Brazil

In progress

Modernising licencing procedures of the National Institute of Metrology, Quality and Technology (INMETRO), Brazil’s national standards agency

Supporting Brazil’s integration into global supply chains

B

As Brazil becomes more integrated into global supply chains, the demand for import licenses for consumer and durable goods has surged, doubling over the last five years. The explosion in demand for import licenses has put a strain on government resources and led to delays in processing import license applications. Older generation IT systems and underutilisation of risk management principles are also contributing to processing delays. INMETRO, the standards agency responsible for issuing import licenses, has put in place temporary measures to help address the current processing bottleneck, but with the scaling up of trade volumes, sustainable reforms are needed to ensure timely and easy processing of import licenses.

What are we doing

With the support of key government agencies and leading private sector businesses and organisations, our project will:

  • assist in modernising and upgrading INMETRO’s internal IT systems to improve processing and fully automate data exchange with other IT systems such as Customs’ IT system in line with international best practices
  • help to achieve full interoperability between INMETRO’s IT systems and Brazil’s new single window, Portal Único
  • introduce a risk-based, streamlined licencing process to differentiate between low and high-risk applications, allowing all low-risk applications to be approved automatically

Benefits

Ultimately, we expect this project will help to reduce the average time to issue licenses to compliant traders from seven to three working days for 70% of applications. This project will also help the Brazilian government take steps toward its larger goal of fostering risk management principles within all government agencies operating at the border.

The modernisation, upgrade and interoperability of INMETRO’s IT systems:

  • will simplify and streamline processes providing sustainable efficiency gains for INMETRO
  • eliminate the need to manually cross-reference data from multiple IT systems, a major bottleneck in the licensing process
  • means that traders will only need to log into Brazil’s new single window to request and obtain import licenses, making the licensing process less burdensome and time-consuming for traders and improve compliance

Introducing a risk-based licensing system will:

  • immediately help to reduce the bottleneck in issuing licenses as all low-risk applications will be approved without delay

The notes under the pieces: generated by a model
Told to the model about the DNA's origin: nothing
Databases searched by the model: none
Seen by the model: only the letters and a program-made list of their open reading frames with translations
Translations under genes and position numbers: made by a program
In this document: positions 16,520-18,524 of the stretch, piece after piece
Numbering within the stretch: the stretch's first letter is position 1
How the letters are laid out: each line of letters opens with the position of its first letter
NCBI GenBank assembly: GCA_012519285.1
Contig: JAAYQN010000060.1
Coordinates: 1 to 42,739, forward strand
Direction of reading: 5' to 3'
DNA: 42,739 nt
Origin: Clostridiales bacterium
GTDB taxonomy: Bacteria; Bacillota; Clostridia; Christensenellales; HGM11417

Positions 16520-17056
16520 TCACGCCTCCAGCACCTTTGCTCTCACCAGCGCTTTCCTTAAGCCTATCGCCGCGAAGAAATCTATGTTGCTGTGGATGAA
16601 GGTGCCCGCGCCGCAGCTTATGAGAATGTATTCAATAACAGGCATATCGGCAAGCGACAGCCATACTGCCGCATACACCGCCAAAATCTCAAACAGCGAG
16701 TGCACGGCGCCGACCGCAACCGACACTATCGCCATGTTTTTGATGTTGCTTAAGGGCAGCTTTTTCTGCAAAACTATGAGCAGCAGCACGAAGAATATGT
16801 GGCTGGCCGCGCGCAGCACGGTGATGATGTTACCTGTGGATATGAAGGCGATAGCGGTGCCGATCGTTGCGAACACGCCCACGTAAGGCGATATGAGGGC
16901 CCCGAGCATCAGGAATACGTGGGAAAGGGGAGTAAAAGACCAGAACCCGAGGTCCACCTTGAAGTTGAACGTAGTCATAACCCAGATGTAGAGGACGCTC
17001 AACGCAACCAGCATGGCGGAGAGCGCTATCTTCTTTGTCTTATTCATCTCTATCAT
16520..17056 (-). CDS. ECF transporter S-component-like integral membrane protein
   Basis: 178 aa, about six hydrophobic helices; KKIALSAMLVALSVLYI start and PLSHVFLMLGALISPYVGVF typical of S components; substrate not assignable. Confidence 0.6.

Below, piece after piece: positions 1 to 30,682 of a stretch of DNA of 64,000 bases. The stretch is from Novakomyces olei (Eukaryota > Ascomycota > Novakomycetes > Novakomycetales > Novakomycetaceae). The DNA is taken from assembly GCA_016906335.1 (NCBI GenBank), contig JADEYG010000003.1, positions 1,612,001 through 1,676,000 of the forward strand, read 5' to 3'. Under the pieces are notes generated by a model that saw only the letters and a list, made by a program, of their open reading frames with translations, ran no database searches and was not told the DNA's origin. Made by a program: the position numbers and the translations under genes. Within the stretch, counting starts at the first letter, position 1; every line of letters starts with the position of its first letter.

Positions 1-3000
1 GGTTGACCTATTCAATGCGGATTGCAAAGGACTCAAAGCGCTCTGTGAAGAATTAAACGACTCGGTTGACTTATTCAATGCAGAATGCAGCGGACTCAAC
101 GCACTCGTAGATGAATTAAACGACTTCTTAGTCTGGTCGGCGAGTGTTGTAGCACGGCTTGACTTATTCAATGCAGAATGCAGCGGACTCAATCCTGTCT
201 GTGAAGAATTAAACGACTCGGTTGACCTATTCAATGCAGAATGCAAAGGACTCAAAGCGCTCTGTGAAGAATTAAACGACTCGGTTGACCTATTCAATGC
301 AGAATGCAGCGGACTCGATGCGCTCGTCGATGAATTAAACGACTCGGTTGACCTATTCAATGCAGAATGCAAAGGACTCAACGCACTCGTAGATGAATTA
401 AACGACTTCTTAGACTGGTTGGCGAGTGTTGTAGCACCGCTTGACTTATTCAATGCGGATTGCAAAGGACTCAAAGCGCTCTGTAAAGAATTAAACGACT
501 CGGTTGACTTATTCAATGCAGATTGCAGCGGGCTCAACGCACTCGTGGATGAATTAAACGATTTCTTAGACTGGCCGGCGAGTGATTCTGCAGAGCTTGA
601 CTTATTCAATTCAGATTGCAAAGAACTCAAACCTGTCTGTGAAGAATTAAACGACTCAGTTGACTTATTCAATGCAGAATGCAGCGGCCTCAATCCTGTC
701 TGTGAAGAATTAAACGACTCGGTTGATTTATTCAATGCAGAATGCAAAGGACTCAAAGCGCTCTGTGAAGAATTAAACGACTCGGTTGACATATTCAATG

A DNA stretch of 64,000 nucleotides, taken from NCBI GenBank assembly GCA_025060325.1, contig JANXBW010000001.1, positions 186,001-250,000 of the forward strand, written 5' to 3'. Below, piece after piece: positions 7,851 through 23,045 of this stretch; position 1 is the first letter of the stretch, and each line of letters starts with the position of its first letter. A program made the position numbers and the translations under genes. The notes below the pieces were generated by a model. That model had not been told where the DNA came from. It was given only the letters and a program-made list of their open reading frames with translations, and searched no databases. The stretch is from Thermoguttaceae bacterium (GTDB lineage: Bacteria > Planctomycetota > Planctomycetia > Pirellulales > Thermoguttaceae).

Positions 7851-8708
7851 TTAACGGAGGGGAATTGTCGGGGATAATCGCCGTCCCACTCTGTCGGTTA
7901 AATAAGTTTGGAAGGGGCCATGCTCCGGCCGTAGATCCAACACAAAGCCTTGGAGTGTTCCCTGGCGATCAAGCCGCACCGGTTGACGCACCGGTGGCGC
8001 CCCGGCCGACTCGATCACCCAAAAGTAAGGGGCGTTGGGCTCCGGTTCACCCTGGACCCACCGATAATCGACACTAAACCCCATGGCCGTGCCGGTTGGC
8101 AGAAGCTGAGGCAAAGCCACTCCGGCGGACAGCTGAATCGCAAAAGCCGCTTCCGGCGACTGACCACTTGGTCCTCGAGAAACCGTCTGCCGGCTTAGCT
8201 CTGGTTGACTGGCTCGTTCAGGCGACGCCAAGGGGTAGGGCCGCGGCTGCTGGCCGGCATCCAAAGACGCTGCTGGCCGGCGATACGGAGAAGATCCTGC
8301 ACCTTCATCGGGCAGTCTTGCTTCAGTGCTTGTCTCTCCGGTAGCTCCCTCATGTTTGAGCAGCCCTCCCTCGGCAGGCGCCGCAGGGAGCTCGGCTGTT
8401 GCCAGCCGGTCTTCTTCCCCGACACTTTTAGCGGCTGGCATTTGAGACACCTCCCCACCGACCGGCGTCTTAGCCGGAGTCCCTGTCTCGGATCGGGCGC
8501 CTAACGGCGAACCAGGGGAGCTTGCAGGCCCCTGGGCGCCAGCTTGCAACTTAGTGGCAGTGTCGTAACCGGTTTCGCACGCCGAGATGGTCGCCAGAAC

• free INMETRO analysts from manual checks and enable them to focus on processing medium to high-risk applications, thereby protecting consumers more effectively
  • increase transparency and predictability in the processing of licenses for compliant traders

Measurement

Key indicators of success will include the reduction in number of days to obtain an INMETRO license and the number of license applications processed through Portal Único. We will also measure the number of small and medium-sized enterprises benefiting from the reduction in license processing time.

How can the private sector get involved?

We are looking for businesses to actively participate in key project implementation activities, such as by participating in public-private dialogues to re-engineer processes, sharing international best practices in licensing processes, and participating in focus groups that will test the new IT systems.

Project Structure

Phase 1

Achieved

Modernisation of licensing procedures

Phase 2

In progress

Modernisation and upgrade of IT systems

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Sindy Sevilla

Sindy Sevilla, Founder, SB Café Los Santos, Costa Rica
Sindy Sevilla is a coffee lover and successful entrepreneur who turned her passion for coffee into a business. She founded SB Café Los Santos in 2012 when she moved to Tarrazu, a rural area of Costa Rica. “I wanted to turn my passion into a living and make an impact by empowering local people, especially women,” explains Sindy. Positive social impact is at the heart of Sindy’s business. “Most coffee is exported as green beans. We don’t sell that because we believe it is important for Costa Rica to handle most of the transformation that adds value. We want to keep the profits in the community.”
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